We recently posted about the importance of crop rotation and biodiversity on the farm. By the same token, variety is also important for your gut health.
The most immediately gratifying reason to mix things up though is the soulful pleasure of trying new and exquisite foods. I know it’s hard to make a switch from the weekly routine when you are time-poor, or faced with a fussy kid, but it is worth it to try something new.
We know from our sales records in the Farm Shop that asparagus will probably never compete with broccoli and tomatoes in the popularity stakes, and that radish, rhubarb and fennel might never make it into the top 10. But what about that most unassuming of brassicas – pak choi? We’re harvesting our own beautiful pak choi at the moment, so if you haven’t tried it before, here are some thoughts on why you should:
- Somewhere between cabbage and spinach, it can be enjoyed both raw and cooked.
- So so quick to cook – stir-fry, steam or simmer in broth for just 2-3 minutes. You may prefer to separate the leaves and stalks so that you add the leaves closer to the end of the cooking process.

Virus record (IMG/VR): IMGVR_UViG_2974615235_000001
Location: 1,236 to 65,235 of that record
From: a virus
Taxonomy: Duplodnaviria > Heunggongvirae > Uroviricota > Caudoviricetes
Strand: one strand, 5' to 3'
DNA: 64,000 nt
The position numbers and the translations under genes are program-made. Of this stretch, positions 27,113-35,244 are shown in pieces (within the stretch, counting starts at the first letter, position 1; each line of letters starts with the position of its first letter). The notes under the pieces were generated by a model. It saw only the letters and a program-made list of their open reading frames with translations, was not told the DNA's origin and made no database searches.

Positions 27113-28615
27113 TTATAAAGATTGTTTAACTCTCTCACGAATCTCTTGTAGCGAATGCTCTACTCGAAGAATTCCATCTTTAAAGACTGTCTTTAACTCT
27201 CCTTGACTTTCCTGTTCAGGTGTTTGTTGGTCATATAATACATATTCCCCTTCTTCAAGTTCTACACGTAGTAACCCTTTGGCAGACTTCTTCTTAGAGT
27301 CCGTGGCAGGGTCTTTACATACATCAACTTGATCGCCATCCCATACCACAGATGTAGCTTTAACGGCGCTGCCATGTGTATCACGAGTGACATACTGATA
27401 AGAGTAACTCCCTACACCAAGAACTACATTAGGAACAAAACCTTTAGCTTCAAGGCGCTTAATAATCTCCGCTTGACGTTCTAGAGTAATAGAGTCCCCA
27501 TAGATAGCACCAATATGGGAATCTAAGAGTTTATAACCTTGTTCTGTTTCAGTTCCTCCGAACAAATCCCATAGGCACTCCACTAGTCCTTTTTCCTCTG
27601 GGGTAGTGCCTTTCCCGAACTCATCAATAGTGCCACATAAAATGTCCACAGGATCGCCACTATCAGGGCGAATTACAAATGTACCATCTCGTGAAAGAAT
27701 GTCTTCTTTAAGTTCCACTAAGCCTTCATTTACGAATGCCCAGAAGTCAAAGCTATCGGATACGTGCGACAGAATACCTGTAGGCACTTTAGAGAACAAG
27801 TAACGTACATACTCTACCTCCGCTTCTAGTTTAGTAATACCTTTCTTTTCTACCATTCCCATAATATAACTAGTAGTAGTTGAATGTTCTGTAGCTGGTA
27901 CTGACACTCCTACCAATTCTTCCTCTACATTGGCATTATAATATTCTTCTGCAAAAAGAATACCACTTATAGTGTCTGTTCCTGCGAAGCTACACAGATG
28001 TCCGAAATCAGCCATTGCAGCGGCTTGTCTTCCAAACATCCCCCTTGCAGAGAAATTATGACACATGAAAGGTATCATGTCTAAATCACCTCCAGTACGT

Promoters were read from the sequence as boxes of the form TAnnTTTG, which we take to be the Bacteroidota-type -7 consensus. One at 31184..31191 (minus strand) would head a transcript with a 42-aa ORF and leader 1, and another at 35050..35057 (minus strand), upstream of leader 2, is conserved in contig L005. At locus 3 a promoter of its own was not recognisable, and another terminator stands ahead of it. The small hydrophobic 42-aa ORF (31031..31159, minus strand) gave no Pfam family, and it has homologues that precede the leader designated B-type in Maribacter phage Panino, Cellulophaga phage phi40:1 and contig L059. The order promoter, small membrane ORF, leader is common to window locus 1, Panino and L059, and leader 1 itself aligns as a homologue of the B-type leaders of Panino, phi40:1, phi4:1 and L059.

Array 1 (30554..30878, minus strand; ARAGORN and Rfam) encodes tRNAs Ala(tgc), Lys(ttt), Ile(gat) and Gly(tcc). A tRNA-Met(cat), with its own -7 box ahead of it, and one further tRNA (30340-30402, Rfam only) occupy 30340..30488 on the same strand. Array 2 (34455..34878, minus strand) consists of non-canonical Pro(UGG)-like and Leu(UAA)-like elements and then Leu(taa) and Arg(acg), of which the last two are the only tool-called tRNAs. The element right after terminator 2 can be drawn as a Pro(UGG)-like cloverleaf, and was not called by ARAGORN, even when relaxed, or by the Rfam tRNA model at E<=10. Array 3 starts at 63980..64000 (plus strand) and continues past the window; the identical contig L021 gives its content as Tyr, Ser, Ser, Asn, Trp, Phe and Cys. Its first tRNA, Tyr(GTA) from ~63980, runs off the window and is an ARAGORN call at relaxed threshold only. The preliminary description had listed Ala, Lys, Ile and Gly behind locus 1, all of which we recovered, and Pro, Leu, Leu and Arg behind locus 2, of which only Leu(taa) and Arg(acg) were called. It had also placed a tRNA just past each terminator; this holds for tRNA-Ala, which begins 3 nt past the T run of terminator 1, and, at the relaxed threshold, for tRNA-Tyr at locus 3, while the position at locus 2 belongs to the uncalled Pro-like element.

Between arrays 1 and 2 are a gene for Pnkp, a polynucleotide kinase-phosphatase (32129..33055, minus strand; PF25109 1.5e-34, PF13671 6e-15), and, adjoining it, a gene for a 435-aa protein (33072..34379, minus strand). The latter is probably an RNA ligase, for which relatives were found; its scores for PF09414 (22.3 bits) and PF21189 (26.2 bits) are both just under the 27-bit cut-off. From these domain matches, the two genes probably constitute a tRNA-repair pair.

- As a traditional Asian ingredient, it pairs well with flavours like soy, miso, chili, ginger, sesame and lemongrass
- If you are one of the majority of organic shoppers who list increased nutrient density of produce as your main reason for choosing organic, then pak choi should definitely be on your shopping list.
- Pak choi provides us with folate. Folate is required daily in our diets to prevent anemia.
- It is also full of antioxidants, anti-inflammatory choline, iron, zinc, selenium and fibre. Fibre not only cleans, but it also feeds the good bacteria in your gut.
Nutrients are lost from fresh produce simply because of the time taken to reach your plate after harvesting, so eating Warrah’s own biodynamic greens means that that loss is absolutely minimal. Why not give it a try? We suspect you will be hooked.